Juarez provided personal services as a housekeeper for Ward, including cleaning his two-story home, doing laundry, and running errands. She was employed under the terms of an oral agreement. In 1974, Ward was awarded an Oscar for his work on the film, The Sting.
Juarez was terminated and later made a claim before the Labor Commissioner of California for unpaid overtime wages. In 2020, Juarez obtained a judgment against Ward for unpaid wages and penalties in the amount of $82,269.94. She served a demand for a debtor's examination. At the debtor’s examination, Ward claimed he had no assets other than the Oscar and some other memorabilia. Following the examination, Juarez obtained a court order for a delivery of a baseball bat signed by the cast of the film Major League.
In law school I recall a professor once said, parenthetically, that it was often possible to tell how the judge was going to rule early in the opinion. And here, in the recitation of the facts the appellate opinion did not begin with Juarez’s housekeeping services, but with a history of the Oscar being awarded to Ward in 1974. Apparently, when Oscars are awarded, the recipient signs an agreement with the Academy of Motion Picture Arts and Sciences and promises: “I agree to comply with your rules and regulations respecting its use and not to sell or otherwise dispose of it [the Oscar], nor permit it to be sold or disposed of by operation of law, without first offering to sell it to you for the sum of $10.00.”
So when Juarez also applied for an order to deliver Ward’s Oscar, she ran into some bumps in the road. The trial court asked the parties to brief whether the Oscar could be sold. Ultimately the trial court held that the Oscar statuette was subject to an “equitable servitude” and that Juarez was owed the $10.00 when Ward sold the statute back to the Academy.
On appeal, among other things, Juarez claimed that equitable servitudes were only enforceable with respect to a real property interest. The appellate court rejected that claim and relied on the case Nadell & Co. v. Grasso, 175 Cal. App. 2d 420 (Ct. App. 1959).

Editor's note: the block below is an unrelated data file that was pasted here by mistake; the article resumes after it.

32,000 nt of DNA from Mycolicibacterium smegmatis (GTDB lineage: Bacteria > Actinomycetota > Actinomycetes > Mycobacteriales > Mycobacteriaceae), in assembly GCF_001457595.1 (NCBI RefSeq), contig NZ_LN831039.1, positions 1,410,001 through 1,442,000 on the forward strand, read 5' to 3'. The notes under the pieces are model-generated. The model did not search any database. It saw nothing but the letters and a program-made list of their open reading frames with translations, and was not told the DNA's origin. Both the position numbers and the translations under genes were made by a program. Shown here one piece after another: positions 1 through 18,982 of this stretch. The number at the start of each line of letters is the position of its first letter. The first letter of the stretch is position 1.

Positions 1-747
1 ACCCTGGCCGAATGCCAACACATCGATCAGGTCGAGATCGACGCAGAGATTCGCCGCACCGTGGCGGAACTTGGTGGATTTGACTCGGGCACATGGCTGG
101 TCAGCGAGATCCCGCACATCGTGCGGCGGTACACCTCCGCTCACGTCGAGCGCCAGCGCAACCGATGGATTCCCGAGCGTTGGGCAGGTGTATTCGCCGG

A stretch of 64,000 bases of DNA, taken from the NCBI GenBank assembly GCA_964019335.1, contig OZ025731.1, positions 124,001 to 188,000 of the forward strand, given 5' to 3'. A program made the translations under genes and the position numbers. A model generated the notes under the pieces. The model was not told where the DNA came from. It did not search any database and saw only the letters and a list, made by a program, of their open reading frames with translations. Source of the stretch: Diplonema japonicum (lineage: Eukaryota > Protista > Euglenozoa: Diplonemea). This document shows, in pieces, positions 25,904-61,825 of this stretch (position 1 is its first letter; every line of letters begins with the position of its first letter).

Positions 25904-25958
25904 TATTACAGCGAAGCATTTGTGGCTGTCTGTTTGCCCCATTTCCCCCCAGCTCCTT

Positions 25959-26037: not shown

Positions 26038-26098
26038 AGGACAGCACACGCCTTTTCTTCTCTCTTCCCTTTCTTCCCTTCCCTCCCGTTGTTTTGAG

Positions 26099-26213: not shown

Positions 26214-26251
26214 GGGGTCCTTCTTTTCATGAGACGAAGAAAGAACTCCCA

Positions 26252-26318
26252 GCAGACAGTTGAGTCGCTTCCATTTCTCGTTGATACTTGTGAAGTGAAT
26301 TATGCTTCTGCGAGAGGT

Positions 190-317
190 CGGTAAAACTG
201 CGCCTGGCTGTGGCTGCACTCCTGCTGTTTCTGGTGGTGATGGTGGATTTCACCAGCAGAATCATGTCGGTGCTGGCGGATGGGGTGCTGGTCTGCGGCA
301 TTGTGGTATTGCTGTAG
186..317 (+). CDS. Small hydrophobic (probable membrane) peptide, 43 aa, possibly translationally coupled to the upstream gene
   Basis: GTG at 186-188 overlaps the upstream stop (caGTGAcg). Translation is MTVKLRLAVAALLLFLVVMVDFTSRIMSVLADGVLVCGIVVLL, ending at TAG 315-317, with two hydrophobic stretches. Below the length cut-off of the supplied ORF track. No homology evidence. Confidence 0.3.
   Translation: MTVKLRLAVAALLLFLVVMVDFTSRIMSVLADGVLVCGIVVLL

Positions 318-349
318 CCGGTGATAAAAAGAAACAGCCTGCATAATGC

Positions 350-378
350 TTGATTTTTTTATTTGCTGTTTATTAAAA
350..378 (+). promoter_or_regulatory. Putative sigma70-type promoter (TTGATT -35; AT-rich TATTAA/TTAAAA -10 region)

In Nadell, a wholesaler purchased mass quantities of damaged Kraft products with the restriction that the products not be sold under the Kraft label. Later, a retailer with knowledge of that restriction when it purchased the products, was selling the damaged goods in the Kraft label and the wholesaler sought an injunction to prohibit the sale of the goods. The wholesaler sought a permanent injunction against the retailer and the trial court in Nadell granted it. The appellate court in Nadell upheld the permanent injunction, relying on a string of cases going back to the English case De Mattos v. Gibson (1859) 4 De G. & J. 276 (E.W.H.C.), citing it for the proposition that “reason and justice seem to prescribe that, at least as a general rule, where a man, by gift or purchase, acquires property from another, with knowledge of a previous contract, lawfully and for valuable consideration made by him with a third person, to use and employ the property for a particular purpose in a specified manner, the acquirer shall not, to the material damage of the third person, in opposition to the contract and inconsistently with it, use and employ the property in a manner not allowable to the giver or seller.” See, e.g., Murphy v. Christian Press Ass’n Publ’g Co., 56 N.Y.S. 597 (N.Y. App. Div. 1899); New York Bank-Note Co. v. Hamilton Bank Note Engraving & Printing Co., 68 N.Y.S. 1144 (N.Y. App. Div. 1901); P. Lorillard Co. v. Weingarden, 280 F. 238. (W.D.N.Y. 1922), for case law in which the acquirer of property had requisite knowledge of a previous contract and thus was not able to use such property in a way contrary to it.
What seems fundamentally unfair about Juarez is that unlike the purchasers of the Kraft products who knew of the restrictions, we have no evidence that Juarez would have known of the right of first refusal in favor of the Academy of Motion Picture Arts and Sciences at the time when she provided the cleaning services. I would ask as well, whether Ward’s awards and mementos were prominently displayed in his home (as is often the case in Los Angeles) and created the effect that he and his wife had significant means? But perhaps not, as the Juarez’s early knowledge (or lack thereof) of the Oscar are beyond the scope of the record. But even still, in a case where the Labor Commissioner found Juarez’s evidence that she was working thirteen-hour days without overtime pay to be credible . . . it’s an unsettling outcome for the court to resort to an equitable doctrine to deprive an overworked housekeeper from unlocking the real value of the Oscar to cover her overtime pay.
I think there’s two real world tips from Juarez. For anyone extending credit in any capacity, the first is a reminder that what glitters isn’t always gold. Do your diligence. As the Juarez opinion stated, “the interest of any judgment debtor is subject to all prior interests in the property, whether known or unknown, recorded or unrecorded.” Next, based on the evidence and the findings of the Labor Commissioner, it appears that Juarez was quite overworked by Ward and not compensated for her overtime pay. At one point, she testified that she was working seven days a week from 7:00 a.m. to 8:00 p.m., for about a two-month period. I have no reason to doubt that. But, because there are so many informal relationships with housekeepers in the Los Angeles area, the second real world tip is to keep records. Ward had no such records to dispute the time and when an employer has failed to keep such records, the testimony of the employee is sufficient.